else
parse spacesOrParenth

parse spacesOrParenth:
if char == ‘ ‘
skip char
if char == ‘(‘ or ‘)’
parse parenth
else
error!

Pfiouuu …that’s pretty complicated just for a few tokens 😦

Indeed.

Isn’t there a simplier way?!

Sure! …Do you remember what we asked in the begginning? Are you sure we shouldn’t better tokenize the white spaces as well as we first thought?

What? But we would keep the same issues!
We would have all the useless tokens in the token stream produced!
Moreover, the rules you previously set wouldn’t be enforced!

What if we would check the rules afterwards and then filter out the white space tokens?

Duh. …Really not bad. This looks simplier than the previous method!

Indeed! Moreover, it has a lot of advantages besides of being simplier:
– it is more homogenuous
– it is more modularized (making tokens, checking integrity rules and filtering white spaces are completely separated concerns)
– it become easy to add additional constraints on the token sequence afterwards
– keeping track of the position and explaining errors is more straightforward
– everything is easier!

Cool, let’s do it!

Yup, and since we will soon start coding it, let’s formalize this a little bit to have a practical example.

Ok, can you give me the global picture to be sure we are on the same wavelength?

Sure, the tokenizing process will happen in three steps:

  • Make tokens of everything, including whitespaces
  • Ensure basic constraints (no space surrounding dots…)
  • Filter out all dummy tokens

Ok, got it. And what kind of tokens are we going to tokenize?

Well, why not tokenizing LEO’s basic datatypes? Here they are, with examples:

  • Delimiter – . , ; ( ) { } [ ]
  • Char – ‘a’ … ‘z’ ‘\t’ ‘\n’ …
  • String – “hello world!”
  • Integer – 123  -987  1234567890123456789012345678901234567890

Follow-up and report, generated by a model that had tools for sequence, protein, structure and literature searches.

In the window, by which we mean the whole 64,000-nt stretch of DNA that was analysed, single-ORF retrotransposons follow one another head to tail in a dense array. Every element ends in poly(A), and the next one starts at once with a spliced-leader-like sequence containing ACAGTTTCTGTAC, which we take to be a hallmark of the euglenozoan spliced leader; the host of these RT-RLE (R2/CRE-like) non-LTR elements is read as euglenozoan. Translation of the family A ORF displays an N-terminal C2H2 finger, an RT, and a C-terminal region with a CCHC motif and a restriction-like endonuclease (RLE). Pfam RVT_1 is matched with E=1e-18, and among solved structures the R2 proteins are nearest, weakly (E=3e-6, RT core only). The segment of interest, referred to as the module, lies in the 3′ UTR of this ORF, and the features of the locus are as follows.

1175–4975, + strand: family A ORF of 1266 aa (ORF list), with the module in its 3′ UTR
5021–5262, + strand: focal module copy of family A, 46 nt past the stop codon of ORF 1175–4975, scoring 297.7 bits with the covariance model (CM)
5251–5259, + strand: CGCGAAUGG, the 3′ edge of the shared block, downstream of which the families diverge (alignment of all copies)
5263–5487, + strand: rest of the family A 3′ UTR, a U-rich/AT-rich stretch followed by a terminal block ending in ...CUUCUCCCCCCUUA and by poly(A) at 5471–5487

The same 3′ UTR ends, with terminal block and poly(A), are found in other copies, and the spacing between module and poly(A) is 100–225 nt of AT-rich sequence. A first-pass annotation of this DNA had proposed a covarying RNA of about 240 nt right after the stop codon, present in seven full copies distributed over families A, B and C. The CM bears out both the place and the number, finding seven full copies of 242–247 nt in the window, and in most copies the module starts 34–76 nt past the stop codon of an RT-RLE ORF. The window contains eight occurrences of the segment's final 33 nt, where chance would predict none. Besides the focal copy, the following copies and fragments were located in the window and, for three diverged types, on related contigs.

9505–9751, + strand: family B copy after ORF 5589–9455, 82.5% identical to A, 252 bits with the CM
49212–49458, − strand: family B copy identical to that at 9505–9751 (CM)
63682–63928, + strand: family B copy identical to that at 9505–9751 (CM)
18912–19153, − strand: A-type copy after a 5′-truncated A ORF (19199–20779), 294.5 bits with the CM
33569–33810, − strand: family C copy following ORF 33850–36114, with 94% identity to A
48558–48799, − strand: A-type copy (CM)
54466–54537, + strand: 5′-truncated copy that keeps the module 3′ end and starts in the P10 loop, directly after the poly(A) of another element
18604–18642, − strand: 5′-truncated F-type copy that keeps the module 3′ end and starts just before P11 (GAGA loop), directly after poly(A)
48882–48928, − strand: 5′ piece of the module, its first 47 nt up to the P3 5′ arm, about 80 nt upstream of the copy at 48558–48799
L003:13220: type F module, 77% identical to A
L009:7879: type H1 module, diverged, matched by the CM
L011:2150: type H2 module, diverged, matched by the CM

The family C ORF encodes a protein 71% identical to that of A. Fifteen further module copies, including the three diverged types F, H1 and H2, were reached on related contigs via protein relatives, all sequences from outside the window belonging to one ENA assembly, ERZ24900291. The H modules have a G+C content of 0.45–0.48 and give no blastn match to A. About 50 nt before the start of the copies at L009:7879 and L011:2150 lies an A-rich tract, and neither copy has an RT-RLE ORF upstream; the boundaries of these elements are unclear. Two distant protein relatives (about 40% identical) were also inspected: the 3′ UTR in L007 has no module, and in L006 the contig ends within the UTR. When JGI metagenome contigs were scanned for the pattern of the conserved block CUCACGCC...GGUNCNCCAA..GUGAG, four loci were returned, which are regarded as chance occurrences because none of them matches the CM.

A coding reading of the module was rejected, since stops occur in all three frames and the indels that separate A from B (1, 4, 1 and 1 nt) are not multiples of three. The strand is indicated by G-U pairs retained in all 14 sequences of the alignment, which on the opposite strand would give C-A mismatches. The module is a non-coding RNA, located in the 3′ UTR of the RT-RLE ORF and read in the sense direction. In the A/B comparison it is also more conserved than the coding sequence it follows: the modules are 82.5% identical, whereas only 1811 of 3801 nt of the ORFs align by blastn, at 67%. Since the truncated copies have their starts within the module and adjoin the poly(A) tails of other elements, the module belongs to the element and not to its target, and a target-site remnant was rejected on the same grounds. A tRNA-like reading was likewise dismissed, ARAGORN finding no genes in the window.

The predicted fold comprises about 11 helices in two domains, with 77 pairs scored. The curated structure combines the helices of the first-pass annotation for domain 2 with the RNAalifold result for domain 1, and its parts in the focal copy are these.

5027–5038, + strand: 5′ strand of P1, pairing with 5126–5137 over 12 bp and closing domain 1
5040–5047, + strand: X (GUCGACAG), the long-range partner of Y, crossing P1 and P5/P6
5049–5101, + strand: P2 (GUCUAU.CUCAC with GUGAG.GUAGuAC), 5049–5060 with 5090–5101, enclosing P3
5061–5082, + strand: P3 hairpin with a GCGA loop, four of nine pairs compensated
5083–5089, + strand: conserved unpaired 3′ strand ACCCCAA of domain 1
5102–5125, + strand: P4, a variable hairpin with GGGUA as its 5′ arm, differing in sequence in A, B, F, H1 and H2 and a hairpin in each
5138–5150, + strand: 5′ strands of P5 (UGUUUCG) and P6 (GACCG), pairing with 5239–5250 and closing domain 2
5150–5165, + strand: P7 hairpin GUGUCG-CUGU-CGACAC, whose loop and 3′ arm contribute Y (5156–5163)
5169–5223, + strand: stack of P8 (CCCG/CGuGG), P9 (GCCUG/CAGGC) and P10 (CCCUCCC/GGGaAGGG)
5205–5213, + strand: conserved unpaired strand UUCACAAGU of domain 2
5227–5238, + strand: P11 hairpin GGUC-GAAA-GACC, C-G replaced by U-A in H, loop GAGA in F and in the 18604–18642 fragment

• Decimal – 123.456  -0.0001
  • Date – 2008/08/25  2008-08-25
  • Time – 12:34:56
  • Keyword – declare action function -> if else …
  • Symbol – something  this-is-also-a-valid-id  ^%@*!

Besides of this, there are comments. These start with a # and continue until end of lines.

Fine for me. Let’s write a tokenizer for those!

Sure. That will be your job though! One lesson, one exercise. 😉
If you are interested, I can leave you a skeleton of code though. The aims are clearly stated.
…On this one I will leave you alone though since I assume you are good enough to make it on your own meanwhile.
One tip though: try to abstract common patterns a maximum and to scramble it down into nice functional blocks.

Ok, I’ll try. Is there anything more you can tell me before I write that little tokenizer?

Yes, sure! Let me take the opportunity to speak about the constraints integrity verification. Since we are in Haskell with pattern matching, this can be done very nicely. For example, let us ensure that:
– after any kind of token (except spaces and delimiters), there must be either a white space or a delimiter
– except for . delimiters which must be surrounded by symbols

ensureIntegrity = case tokens of
Symbol a : Delimiter ‘.’ : Symbol b : remaining -> ensureIntegrity (Symbol b : remaining)
a : Delimiter ‘.’ : b : remaining -> error “the dot is not surrounded by symbols”
a : b : remaining ->
if not isDelimOrSpace a and isDelimOrSpace b then
error (string a ++ ” must be followed by a space or a delimiter”)
else
ensureIntegrity (b : remaining)